Post-Petroleum Profit: The Entrepreneurial Race Is On

Last Updated Jan 5, 2011 2:08 PM EST

The first all-electric cars from a major manufacturer hit U.S. streets this month, just as a prominent energy journalist predicted that U.S. gasoline sales peaked in 2006 and are on a long-term decline. Those two events don't signal the end of the corner gas station, or of U.S. dependence on gasoline-powered engines. But they do mark the beginning of a new era of entrepreneurial opportunity.

Imagining a world without gas-guzzling automobiles is hard for most of us. But not all of us. Chances are the average Baby Boomer's grandparents were born during an era when the now-ubiquitous gasoline infrastructure of paved roads and service stations was only barely there, or entirely absent. The first gasoline filling station opened in St. Louis just a little over a century ago.

The expansion of internal combustion engines into every nook and cranny of American life propelled the growth of countless entrepreneurial fortunes, from the Rockefellers to Jiffy Lube founder James Hindman. And right behind the looming electrification of American transportation will be a new wave of entrepreneurs to capitalize on the innumerable opportunities spinning off from this historic shift. To name a few:

  • Charging stations for homes and businesses, along with ancillary items such as SemaConnect's meter that measures the amount of electricity a car takes to power up. The startup's product will permit apartment and office building owners to offer electric-driving tenants parking lot recharging stations without penalizing drivers still stuck in the gasoline era.
  • Electricity-powered automotive components such as water pumps, air conditioners and other systems, including services and systems for retrofitting entire vehicles to run off electricity. Amp Electric Vehicles is one company taking the full-retrofit route, while ALTe specializes in electric vehicle power trains.
  • Products and services for electric utilities, which face possible brownouts because recharging an electric car can draw as much power as a small house. PEP Stations, of Livonia, Michigan, is placing its bet on a line of recharging systems.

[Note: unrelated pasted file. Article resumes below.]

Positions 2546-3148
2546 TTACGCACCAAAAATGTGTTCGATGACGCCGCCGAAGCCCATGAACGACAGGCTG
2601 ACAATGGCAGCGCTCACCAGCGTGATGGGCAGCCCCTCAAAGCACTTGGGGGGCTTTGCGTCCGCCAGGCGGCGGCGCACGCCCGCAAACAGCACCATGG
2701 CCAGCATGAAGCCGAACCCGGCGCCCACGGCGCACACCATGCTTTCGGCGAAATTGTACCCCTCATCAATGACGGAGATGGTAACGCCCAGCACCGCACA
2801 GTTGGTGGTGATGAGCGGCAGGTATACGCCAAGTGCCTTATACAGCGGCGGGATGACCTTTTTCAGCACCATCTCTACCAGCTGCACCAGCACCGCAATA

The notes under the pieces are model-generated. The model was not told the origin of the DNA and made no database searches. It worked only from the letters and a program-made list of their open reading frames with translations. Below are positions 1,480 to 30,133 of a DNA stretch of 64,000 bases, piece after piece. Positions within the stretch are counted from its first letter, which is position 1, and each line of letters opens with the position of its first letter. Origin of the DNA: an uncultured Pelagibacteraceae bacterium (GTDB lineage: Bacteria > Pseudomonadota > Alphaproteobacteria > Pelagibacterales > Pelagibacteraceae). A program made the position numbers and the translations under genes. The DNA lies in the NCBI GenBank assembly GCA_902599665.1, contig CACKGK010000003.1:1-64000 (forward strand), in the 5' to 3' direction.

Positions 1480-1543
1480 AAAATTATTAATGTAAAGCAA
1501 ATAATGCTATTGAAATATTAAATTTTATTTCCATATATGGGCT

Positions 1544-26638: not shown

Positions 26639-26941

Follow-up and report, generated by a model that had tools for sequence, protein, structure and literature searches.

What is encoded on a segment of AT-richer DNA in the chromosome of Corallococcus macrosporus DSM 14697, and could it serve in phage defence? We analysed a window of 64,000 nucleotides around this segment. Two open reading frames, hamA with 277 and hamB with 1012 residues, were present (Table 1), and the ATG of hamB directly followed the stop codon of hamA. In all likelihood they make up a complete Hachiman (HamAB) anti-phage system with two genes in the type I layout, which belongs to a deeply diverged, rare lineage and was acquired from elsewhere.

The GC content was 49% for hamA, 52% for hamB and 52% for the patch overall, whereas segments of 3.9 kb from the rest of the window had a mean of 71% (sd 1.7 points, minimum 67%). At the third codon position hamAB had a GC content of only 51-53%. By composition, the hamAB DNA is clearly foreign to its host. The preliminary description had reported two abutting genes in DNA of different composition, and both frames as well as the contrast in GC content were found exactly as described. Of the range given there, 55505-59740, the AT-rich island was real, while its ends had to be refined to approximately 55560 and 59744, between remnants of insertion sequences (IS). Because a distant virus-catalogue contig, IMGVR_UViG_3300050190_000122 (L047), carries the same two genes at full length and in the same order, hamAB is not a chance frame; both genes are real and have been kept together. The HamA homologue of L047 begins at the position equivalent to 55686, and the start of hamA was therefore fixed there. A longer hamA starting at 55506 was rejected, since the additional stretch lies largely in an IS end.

To go with these are endless additional possibilities, ranging from electric-car dealers to trade schools for repair technicians. And, just as few people in 1905 could have foreseen the carpeting of America with self-service pumps, few of us today can imagine the many new businesses that will be created as the gasoline engine ends its reign as the sole motive force of the nation.

Somebody, somewhere is imagining it. The rest of us, for the most part, will find out about the opportunities after they've arrived. But not all of us. Who will be the Rockefellers and Hindmans of the electric age? Why not you?

Mark Henricks has reported on business, technology and other topics for The New York Times, The Wall Street Journal, Entrepreneur, and other leading publications long enough to lay somewhat legitimate claim to being The Article Authority. Follow him on Twitter @bizmyths.

Image courtesy of Flickr user Cherrie 美桜, CC2.0

  • Mark Henricks

    Mark Henricks' reporting on business and other topics has appeared in The Wall Street Journal, The New York Times, The Washington Post, Inc., Entrepreneur, and many other leading publications. He lives in Austin, Texas, where myth looms as large as it does anywhere.